The shortage is now about three years old, but its origins are still somewhat mysterious. The National Shooting Sports Foundation says that manufacturers can't keep up with the demand, gun enthusiasts are hoarding their hard-won rounds. Gun sales are also up.
"There are a lot of wild stories," Foundation spokesman Mike Bazinet told the Dispatch. "One story we've heard anecdotally is that the government is buying up all the ammo. That is not true. Government purchases have gone down over last three years."
He says the .22-caliber shortage is easing in the Lower 48. But not in Alaska.
"The .22-caliber cartridges are popular among people who want to teach their children how to shoot. It is small and has little kick when fired. It's also popular for targeting small game like snowshoe hares, grouse and ptarmigan," Mr. Doogan says. "But .22-caliber is also the round of choice for shooting competitions, including the biathlon — a combination of Nordic skiing and shooting."
Researchers from the University of Rochester Medical Center and Carleton University pored over self-reported data from 6,000 people about the directions and decisions of their lives during a 14-year period and here's what they found: "Feeling that you have a sense of purpose in life may help you live longer, no matter what your age," they conclude in research published in Psychological Science, an academic journal.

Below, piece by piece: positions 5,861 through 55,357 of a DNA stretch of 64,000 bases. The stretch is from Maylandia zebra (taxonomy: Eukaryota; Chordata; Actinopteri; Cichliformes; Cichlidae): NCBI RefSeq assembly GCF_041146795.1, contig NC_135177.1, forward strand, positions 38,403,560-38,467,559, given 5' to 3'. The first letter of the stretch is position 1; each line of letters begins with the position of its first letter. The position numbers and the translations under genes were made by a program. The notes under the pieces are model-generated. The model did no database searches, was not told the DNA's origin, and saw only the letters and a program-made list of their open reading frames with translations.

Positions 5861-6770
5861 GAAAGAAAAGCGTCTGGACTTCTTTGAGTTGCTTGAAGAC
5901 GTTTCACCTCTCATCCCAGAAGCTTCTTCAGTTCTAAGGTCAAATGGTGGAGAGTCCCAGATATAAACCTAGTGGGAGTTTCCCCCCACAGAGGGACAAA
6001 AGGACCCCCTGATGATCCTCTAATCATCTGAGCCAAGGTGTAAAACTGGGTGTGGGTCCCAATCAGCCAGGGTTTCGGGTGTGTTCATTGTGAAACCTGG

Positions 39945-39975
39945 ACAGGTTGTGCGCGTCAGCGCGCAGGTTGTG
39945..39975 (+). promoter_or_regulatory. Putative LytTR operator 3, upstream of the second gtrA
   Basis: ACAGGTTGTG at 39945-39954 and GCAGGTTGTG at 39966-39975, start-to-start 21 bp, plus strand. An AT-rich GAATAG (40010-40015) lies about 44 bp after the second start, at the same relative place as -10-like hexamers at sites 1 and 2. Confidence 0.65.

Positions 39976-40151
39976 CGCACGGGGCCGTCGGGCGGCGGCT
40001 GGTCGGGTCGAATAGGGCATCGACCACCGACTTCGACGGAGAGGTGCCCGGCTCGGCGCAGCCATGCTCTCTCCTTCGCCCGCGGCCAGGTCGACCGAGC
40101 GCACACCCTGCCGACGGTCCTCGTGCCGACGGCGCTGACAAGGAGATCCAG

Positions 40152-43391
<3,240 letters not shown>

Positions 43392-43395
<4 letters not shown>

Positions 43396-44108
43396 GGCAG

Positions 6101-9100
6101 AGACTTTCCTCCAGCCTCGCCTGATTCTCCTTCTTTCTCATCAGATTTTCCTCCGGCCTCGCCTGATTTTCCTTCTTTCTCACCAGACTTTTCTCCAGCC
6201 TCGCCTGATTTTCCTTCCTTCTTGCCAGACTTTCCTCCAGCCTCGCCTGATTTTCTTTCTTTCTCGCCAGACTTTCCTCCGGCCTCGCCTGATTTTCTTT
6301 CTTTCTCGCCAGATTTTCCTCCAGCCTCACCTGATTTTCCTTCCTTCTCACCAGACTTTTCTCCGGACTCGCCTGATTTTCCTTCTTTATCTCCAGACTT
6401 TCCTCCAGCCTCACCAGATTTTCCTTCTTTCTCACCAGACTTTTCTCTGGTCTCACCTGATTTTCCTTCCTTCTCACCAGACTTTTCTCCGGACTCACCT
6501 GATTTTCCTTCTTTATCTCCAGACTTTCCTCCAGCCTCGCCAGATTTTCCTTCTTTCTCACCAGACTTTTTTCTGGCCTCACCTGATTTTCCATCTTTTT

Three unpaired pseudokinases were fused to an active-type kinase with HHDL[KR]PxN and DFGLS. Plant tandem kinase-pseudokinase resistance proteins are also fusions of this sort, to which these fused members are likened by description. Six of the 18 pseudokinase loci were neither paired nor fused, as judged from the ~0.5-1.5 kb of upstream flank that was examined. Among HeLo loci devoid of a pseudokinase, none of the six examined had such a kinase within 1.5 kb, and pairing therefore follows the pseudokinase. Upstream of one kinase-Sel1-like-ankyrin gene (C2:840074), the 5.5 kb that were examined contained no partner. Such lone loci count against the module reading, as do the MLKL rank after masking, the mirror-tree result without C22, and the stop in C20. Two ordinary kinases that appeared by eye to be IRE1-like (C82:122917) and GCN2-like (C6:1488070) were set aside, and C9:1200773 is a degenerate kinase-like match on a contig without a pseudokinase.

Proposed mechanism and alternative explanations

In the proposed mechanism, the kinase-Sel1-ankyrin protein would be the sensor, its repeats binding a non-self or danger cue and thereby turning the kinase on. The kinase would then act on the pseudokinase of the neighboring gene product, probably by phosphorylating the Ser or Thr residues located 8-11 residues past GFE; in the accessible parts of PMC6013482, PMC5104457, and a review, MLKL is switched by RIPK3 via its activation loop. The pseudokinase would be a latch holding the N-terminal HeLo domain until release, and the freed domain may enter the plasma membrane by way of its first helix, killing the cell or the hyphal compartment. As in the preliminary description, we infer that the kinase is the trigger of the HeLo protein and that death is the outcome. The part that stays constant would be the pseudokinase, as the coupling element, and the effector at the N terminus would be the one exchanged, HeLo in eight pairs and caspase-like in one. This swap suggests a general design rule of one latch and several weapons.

"Our findings point to the fact that finding a direction for life, and setting overarching goals for what you want to achieve can help you actually live longer, regardless of when you find your purpose," says lead researcher Patrick Hill. "So the earlier someone comes to a direction for life, the earlier these protective effects may be able to occur."
POLL DU JOUR
• 64 percent of Americans rate the U.S. Constitution "excellent or pretty good"; 71 percent of Republicans and 64 percent of Democrats agree.
• 62 percent overall rate American quality of life as excellent or pretty good; 69 percent of Republicans and 62 percent of Democrats agree.
• 41 percent overall rate the U.S. system of government excellent or pretty good; 43 percent of Republicans and 43 percent of Democrats agree.
• 34 percent overall rate the U.S. economic system excellent or pretty good; 34 percent of Republicans and 38 percent of Democrats agree.
• 23 percent overall rate the American political system excellent or pretty good; 22 percent of Republicans and 27 percent of Democrats agree.
Source: A Harris Poll of 2,300 U.S. adults conducted April 16-21 and released Monday.
• Cranky talk, intellectual chitter-chatter to email@example.com.
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About the Author